Classification: Supernatural I
Miscibility Index: 7.6

Anatomy & Morphology

The typical vampire resembles a pale human with high colour in the cheeks, shoulders and upper back. Their pointed canine teeth are visible, often even behind closed lips, and specimens of 500 years or older may exhibit yellowing of the sclera. Vampires with an Eastern European ancestry may have pointed ears. The only Supernatural entity with a higher miscibility index are werewolves in human form.

Cellular regrowth is not present in vampires and they do not exhibit signs of aging. The specific cause of this phenomenon is not understood, but it appears that vampiric infection converts cells from living elements into unchanging molecular building blocks that do not grow or die. Damaged cells are quickly restored to their static state. However, they are extremely sensitive to UV radiation. Direct exposure can cause first degree burns in five seconds, third degree burns in 20 seconds, and death by immolation after 30 seconds.

Rumors that vampires of a great age possess the ability to shape-shift into wolves and/or bats remain unsubstantiated.

Behavior & Life Cycle

The exact method through which a vampire sustains its abilities to move and think are unknown. Before the introduction of the Supernatural Enforcement and Protection Act (SEPA) in 1952, vampires were rare and difficult to detain. Test data derived from the few subjects available was limited by technological constraints. In the decades following the SEPA, the vampire population has increased, but research has been severely limited by SRA Operational Tenets Eighteen and Nineteen.

What little is known about the creation of vampires comes from information obtained from a single specimen interviewed in 1944. Vampiric ichor, if ingested by a human, propagates the vampiric infection to that human. The infected human (referred to as a supplicant) lapses into a coma shortly after ingestion and revives approximately 12 hours later as a vampire. Although the mechanics of this metamorphosis are unclear, there are indications that during the coma, the supplicant’s heart converts oxygen-depleted blood into vampiric ichor. The newly-made vampire is then bound in a subservient position to their infector (referred to as patron).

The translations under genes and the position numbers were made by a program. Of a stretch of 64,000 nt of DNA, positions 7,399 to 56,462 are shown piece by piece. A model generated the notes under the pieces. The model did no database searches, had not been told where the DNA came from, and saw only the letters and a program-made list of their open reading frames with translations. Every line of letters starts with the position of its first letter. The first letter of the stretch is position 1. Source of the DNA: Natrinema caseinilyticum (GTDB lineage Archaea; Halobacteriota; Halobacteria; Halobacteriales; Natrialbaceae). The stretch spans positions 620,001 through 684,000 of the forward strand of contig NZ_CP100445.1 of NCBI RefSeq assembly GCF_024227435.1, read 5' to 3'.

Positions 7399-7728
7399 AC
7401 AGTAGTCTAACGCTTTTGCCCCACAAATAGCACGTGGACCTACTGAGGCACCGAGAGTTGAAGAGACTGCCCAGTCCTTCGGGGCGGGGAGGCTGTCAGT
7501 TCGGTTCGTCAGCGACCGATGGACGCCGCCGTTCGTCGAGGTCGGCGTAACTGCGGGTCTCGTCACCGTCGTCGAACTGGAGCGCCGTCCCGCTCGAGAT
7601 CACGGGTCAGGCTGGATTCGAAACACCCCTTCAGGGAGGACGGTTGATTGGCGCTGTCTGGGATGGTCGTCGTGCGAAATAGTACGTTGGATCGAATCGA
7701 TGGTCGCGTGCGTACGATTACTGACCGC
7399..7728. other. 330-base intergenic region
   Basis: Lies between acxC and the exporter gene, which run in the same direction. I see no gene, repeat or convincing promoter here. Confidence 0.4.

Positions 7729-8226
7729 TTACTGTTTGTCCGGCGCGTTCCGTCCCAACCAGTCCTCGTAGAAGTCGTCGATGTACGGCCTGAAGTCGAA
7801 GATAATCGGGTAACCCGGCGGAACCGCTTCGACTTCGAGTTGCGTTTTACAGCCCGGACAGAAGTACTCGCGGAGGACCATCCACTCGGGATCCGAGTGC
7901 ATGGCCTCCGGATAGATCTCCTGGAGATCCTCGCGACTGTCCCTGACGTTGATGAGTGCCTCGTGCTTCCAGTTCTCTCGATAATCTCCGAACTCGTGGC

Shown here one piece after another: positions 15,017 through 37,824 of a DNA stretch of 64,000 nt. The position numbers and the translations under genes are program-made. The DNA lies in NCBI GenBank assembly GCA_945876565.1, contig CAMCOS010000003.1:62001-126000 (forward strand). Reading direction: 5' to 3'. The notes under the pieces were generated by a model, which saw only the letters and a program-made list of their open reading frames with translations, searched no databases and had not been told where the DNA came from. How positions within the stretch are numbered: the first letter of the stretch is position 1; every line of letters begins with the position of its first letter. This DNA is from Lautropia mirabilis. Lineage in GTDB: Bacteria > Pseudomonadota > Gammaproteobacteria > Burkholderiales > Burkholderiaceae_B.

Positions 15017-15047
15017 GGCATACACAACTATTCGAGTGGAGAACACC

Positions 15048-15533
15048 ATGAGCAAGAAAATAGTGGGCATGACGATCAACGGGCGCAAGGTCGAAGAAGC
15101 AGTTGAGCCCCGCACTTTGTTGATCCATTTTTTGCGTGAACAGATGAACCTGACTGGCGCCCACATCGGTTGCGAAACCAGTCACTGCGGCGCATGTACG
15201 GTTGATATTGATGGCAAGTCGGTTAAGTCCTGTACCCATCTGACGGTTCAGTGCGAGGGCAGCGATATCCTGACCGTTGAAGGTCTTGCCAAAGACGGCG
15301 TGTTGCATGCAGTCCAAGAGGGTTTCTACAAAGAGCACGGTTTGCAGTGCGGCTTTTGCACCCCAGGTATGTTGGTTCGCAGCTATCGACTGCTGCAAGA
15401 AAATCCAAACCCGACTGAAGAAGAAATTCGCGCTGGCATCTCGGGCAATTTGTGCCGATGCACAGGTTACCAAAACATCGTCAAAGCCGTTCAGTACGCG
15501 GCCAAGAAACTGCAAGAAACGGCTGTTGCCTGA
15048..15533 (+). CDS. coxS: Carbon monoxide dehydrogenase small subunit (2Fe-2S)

Available data indicates that a vampire, regardless of age or physical size, need to consume an average of 2.5L (85 oz.) of mammalian blood every 72 hours. The required blood is obtained via application of the vampire’s canine teeth to the donor’s neck, typically positioned to puncture the carotid artery. The bite simultaneously provides a steady flow of blood to the vampire and doses the donor with venom that suppresses pain, promotes docility and acts as a fast-acting blood coagulant.

Ingested blood is metabolized into ichor which takes the place of blood in the vampire’s circulatory system. The volume of ichor in a vampire decreases with time over several days. The method through which this ichor delivers energy to vampiric cells is unknown, and is it unclear what causes its depletion, although physical exertion is thought to speed the process.

Integration Strategy

Vampires are among the most highly-regulated Class 1 entities, and their position on the SRA Contaminant Threat List reflects this. Their supernatural abilities, mental powers, relatively innocuous appearance and increasing population position them as a potentially grave threat to humankind, but in general they have shown an extreme reluctance to interfere with human society. As of 2014 there are 850,000 vampires on Earth.

A peaceful coexistence between humans and vampires has been facilitated by the SEPA and the Sanguine Accord of 1960, but vampires are mandated by law to live in Class 1 EH neighborhoods, and are prohibited from employment (paid or volunteer) at any level of political office or government.

The Sanguine Accord establishes the conditions and restrictions by which a registered vampire may apply his or her supernatural powers of mental influence. The specific clauses of the Accord referring to the nature of these powers remained sealed, but under the conditions described therein, registered vampires are permitted to exercise their mental powers in ways benign to human society.

Vampires are not permitted to obtain blood from human donors for any reason. Blood may be obtained by registered vampires from approved non-human mammalian donors and stored blood products.

It is a federal crime for a human to solicit supplicant infection from a vampire, and a capital crime for any vampire to comply with such a request.